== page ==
Standard Neophone

neostd.gif (26488 bytes)Introduced in 1930 the Neophone was more or less the same model as the GPO Telephone No. 162 but nearly always came with the bellset attached.  It was also one of the first telephone to have a moulded case.

The GPO variant remained in service until the late 1960's.

Click for an article on the Original BPO Tele No. 162

See Siemens Brother No. 310

Click here for the POEEJ article from 1929


Microtelephone Subscriber's Set (GPO Telephone No. 162 Central Battery)

Central battery systems were less tolerant of the incidental variations in resistance of telephone transmitters which occurred when they were moved, and fixed„transmitter telephones were introduced to replace early handset telephones with the changeover to Central Battery and automatic working.  In about 1924 Messrs. Siemens Brothers of Woolwich, in conjunction with the Post Office, commenced research to overcome the defects in existing telephone handset transmitters. This research culminated in the production of the Transmitter No. 10.  To accommodate the new transmitter, an all moulded telephone was designed - the "Neophone".  It was originally moulded in black Bakelite but, shortly after its production, urea formaldehyde plastics became available, and it was moulded in that material.  Using pigmentation, the telephone was produced in red, green, ivory, and mottled brown.  Gold and silver was also available but this was a surface finish.  The Neophone had no bell within its case and was originally used with a wall mounted bell set.  Later, bell cases were manufactured from the same materials as the telephones and could be fitted as a plinth to the base of the telephone.

Standard Black Telephone No. 162 Inside - note the transformer on the right
Metal cased Telephone No. 162 Inside view
Gold cased version Walnut finish - very rare

The Neophone was the first telephone to be made entirely in plastic.  It was adopted by the Post Office as one of its standard models and was also used by several overseas administrations.  Variations of the telephone were also made by other companies.

The receiver and new transmitter are assembled together in a moulded Bakelite handle to form a microtelephone (Telephone No. 164 ).  In the position of rest, the weight of the microtelephone presses down an horizontal bar extending between the two arms of the cradle; this causes the operation of the gravity switch accommodated in the base of the instrument.  As with the standard Central Battery table set, this telephone is designed to be interchangeable with similar instruments used on automatic systems, and the opening for the dial is covered by a dummy dial mounting which serves to hold the label and instruction card.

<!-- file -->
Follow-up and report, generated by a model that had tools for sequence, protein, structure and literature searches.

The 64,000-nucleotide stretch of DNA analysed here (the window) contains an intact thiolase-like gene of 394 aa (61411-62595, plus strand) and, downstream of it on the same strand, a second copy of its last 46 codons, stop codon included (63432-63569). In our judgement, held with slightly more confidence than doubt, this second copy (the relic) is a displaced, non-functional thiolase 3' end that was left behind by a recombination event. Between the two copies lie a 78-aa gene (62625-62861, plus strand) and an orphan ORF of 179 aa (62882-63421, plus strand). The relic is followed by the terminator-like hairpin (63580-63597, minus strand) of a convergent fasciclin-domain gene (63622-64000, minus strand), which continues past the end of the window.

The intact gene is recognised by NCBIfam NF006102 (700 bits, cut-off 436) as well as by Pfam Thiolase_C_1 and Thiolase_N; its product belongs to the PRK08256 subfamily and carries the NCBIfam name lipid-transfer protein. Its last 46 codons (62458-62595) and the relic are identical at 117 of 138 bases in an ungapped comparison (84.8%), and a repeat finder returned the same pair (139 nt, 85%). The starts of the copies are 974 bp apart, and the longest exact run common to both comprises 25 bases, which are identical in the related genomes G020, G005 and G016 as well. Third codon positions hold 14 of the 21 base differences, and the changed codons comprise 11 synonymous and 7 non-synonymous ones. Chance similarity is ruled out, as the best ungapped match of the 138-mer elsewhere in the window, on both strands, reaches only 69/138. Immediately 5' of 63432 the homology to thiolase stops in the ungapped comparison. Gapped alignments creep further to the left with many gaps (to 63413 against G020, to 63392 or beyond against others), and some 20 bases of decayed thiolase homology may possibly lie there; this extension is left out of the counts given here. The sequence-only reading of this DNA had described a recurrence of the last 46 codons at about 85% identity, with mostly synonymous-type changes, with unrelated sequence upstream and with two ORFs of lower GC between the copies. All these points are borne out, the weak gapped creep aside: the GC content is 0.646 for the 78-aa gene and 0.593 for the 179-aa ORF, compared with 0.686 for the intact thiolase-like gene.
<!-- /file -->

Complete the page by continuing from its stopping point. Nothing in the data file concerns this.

The telephone uses an inset transmitter, the No. 10 type being employed.  The receiver is contained in an aluminium case, and the permanent magnet is a straight bar of steel.  The transmitter case is provided with a perforated metal cover, the holes in this cover being out of line with those in the base of the mouthpiece to prevent any object being pushed on to the diaphragm.  The plane of the opening of the mouthpiece makes an angle of approximately 45 degrees with the line of the handle.

The connections of the instrument, which is used in conjunction with a Bell Set No. 1.  The efficiency of the instrument is so high as compared with former instruments of the microtelephone type that it is necessary to provide means whereby the amount of the sidetone in the receiver, and the tendency of the instrument to "howl" by interaction between the receiver and the transmitter, are reduced.  This sidetone is also undesirable in that it causes the telephone user to lower his voice in an unnatural way.  G. A. Campbell in 1920 announced his invention of the A.S.T.I.C. (Anti Side Tone Induction coil).  This is effected by the small transformer (Transformer No. 35A) mounted in the base of the instrument.  One coil of the transformer is connected across the transmitter and the other across the receiver, and, in addition, the two coils are connected together on the "auto-transformer" principle.  The connections are such that the normal output from the transmitter to the receiver is opposed by the subsidiary output due to the transformer, thereby reducing the side tone to comfortable limits.

This microtelephone instrument can also be used on local battery systems.

neouniv.gif (37402 bytes)Universal Neophone

Introduced in 1934 the Universal Neophone had integral bells.  The case was of a larger size due to the inclusion of the bells but still retained a good look.

neophon1.jpg (38621 bytes)

William Elhelbert Goodwin

Mr Goodwin was a senior manager with Siemens brothers, at Woolwich.  He is pictured with an early example of the Neophone.  The location of the picture is unknown, but it must be in an office (although the door looks like a residential door and lock) because private telephone were not allowed to be connected to the GPO system.  The telephone is an early example as the mouthpiece is secured by exposed screws.

Many thanks to David Weatherley for the picture.


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Last revised: July 07, 2022